So, you're working with windows, either by choice (wait. what?) or force (gah, somebody else making computer purchase decisions), and you're a programmer. Not just any programmer, a terminal acolyte that's chosen sides on the great vi/emacs holy war. I'll be blunt, that first sign-on is painful. But hey, the world keeps turning and it's best to stay on top of technology. Here's how I've adjusted, with the all the steps (minus getting vim happy) coming from my Windows trailblazing amigo Dan McClary.
First things, get a dang terminal
And not just powershell, in no way does that even come close to being correct. What you'll need to get is Cygwin. It will download and you'll be left with a setup.exe file that will install it for you. Now here is where things get weird coming from a Linux standpoint, that setup.exe file combined with the folder it makes for the source from a mirror is (essentially) the package manager for Cygwin. Weird. So if you are like me and like clean folders, don't delete either of them. You'll just have to download them again later when you need to change what packages to install.
Now, let's pick what to install. I went through this process maybe three times, each time missing packages that I needed. So I did this really dumbly, I installed everything except for python. Whatever you do, don't install python (for our purposes). We're going to get python from a different source later and this one will actually play nicely outside of Cygwin. That's important just to hedge our bets really. A lot of IDEs and other software will expect that if we have python it came from a general installation and not Cygwin, so they will not find anything if they go looking for it. Why not just install both? Because less headaches are good.
Now let's get a prettier terminal
Why are we getting a different terminal? Because Cygwin is about as feature rich as a a piece of coal (no tabs, no nothing, but at least it exists!). With windows there is essentially only one option, Console2. I'm not about to say I'm in love with it, because I'm really not (you'll see why in the vim section), but it's much better than Cygwin. It has tabs, you can change what it looks, all the important basics. Just download and place the exe somewhere, it doesn't even install. Open it up and don't be afraid, by default it goes directly to the windows command line. Just follow this to set up a shell with cygwin.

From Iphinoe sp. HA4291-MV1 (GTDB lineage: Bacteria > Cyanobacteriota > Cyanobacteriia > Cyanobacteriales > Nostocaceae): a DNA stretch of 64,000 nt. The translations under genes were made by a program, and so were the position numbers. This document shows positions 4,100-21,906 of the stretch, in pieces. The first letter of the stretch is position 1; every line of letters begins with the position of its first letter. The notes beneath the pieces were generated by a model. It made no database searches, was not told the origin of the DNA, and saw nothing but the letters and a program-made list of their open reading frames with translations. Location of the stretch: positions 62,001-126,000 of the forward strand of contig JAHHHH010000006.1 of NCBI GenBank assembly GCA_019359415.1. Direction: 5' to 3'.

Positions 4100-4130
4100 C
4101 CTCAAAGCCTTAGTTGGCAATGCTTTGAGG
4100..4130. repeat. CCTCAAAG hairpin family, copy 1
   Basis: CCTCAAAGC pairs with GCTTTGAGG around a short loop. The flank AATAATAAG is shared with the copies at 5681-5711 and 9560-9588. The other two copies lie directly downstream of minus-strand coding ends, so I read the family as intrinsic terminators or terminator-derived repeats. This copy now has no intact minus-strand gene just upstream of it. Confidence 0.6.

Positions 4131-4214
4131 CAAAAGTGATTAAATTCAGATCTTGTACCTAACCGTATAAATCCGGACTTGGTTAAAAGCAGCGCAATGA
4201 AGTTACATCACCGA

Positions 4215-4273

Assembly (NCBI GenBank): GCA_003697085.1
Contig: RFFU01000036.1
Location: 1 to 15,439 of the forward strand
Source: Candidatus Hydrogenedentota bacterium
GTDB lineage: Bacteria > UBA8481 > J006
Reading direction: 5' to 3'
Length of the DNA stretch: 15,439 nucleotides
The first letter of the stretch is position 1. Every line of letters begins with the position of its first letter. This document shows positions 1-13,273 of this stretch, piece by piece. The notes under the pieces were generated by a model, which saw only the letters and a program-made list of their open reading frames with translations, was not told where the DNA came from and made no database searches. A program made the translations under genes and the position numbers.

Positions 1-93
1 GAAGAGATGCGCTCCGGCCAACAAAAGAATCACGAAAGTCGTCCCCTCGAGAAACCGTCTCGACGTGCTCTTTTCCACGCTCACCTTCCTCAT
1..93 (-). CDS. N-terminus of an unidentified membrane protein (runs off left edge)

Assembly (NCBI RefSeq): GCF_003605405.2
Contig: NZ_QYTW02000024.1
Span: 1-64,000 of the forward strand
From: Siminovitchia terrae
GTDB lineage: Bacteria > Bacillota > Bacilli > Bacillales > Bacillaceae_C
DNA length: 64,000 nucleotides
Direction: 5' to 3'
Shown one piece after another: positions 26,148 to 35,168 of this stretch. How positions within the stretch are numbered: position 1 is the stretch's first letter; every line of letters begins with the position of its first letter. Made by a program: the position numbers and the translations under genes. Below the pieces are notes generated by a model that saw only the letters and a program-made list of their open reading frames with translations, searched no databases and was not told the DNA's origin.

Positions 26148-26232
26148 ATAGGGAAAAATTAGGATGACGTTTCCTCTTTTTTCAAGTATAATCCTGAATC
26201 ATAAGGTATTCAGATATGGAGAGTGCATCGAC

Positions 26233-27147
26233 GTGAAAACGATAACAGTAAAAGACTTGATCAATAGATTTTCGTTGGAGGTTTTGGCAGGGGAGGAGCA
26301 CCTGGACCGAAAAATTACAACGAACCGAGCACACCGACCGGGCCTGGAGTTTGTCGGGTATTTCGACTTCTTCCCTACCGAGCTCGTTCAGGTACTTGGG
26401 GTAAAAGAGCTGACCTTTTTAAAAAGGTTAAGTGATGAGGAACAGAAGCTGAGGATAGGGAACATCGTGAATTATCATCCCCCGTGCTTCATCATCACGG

Finally, let's get la lingua python
So we didn't get python from Cygwin so that it can be used all over Windows, so now let's get the official installer from Python. If we were on LInux or OS X we would start using pip to install the rest of the packages (highly recommended instead of using ports on OS X), but that really isn't the way to go on WIndows with the scientific packages that are very dependent on being compiled correctly. We can easily get all of those packages from this site. My unofficial list of packages is: numpy, scipy, sympy pandas, pandasql, and pip. All good gets. The rest can be pretty easily installed with pip.
Can we edit things yet?
In vim. Of course, because everyone loves to edit in vim. Vim is of course in Cygwin, which means that it'll also be Console2 and it can be used their right away. It even takes in the vimrc and .vim/ from our default user directory in Cygwin. But there's just one massive problem.
You use NERDTree, have multiple buffers open in a single window, and use multiple tabs, right? It starts with the key command
We have to look deeper and there is a really simple answer. Install gVim. Yes, it's not on the command line, but Console2 isn't perfect anyways. We'l actually even want to use gVim instead of the Vim app because gVim can be fully maximized and Vim can't be for some reason. Now, here was the weird thing that shook me up. These apps use your Windows home directory ("C:/Users/[USERNAME]/") instead of the Cygwin home directory, which is easy enough to solve. Just copy over our configuration from the Cygwin home directory and start the app back up again. But gVim still wouldn't load modules using pathogen for me. Turns out that in windows the .vim/ directory isn't called that, but is instead called vimfiles/. Just renaming the directory takes care of everything and we have an awesome working Vim!
Now let's get spoiled
Task launcher and multiple desktops. The task launcher is essential, I'm using Launchy. It really only does applications (so it won't pick up Console2) but it is responsive. I tried others but they brought my underpowered desktop to its knees. I also used Dexpot to get multiple workspaces, but it is really just a hack in Windows. It's nice to have, but it still doesn't feel like it does on OS X
Well, that's it. Hope that's enough to get you going and happy Windows'ing.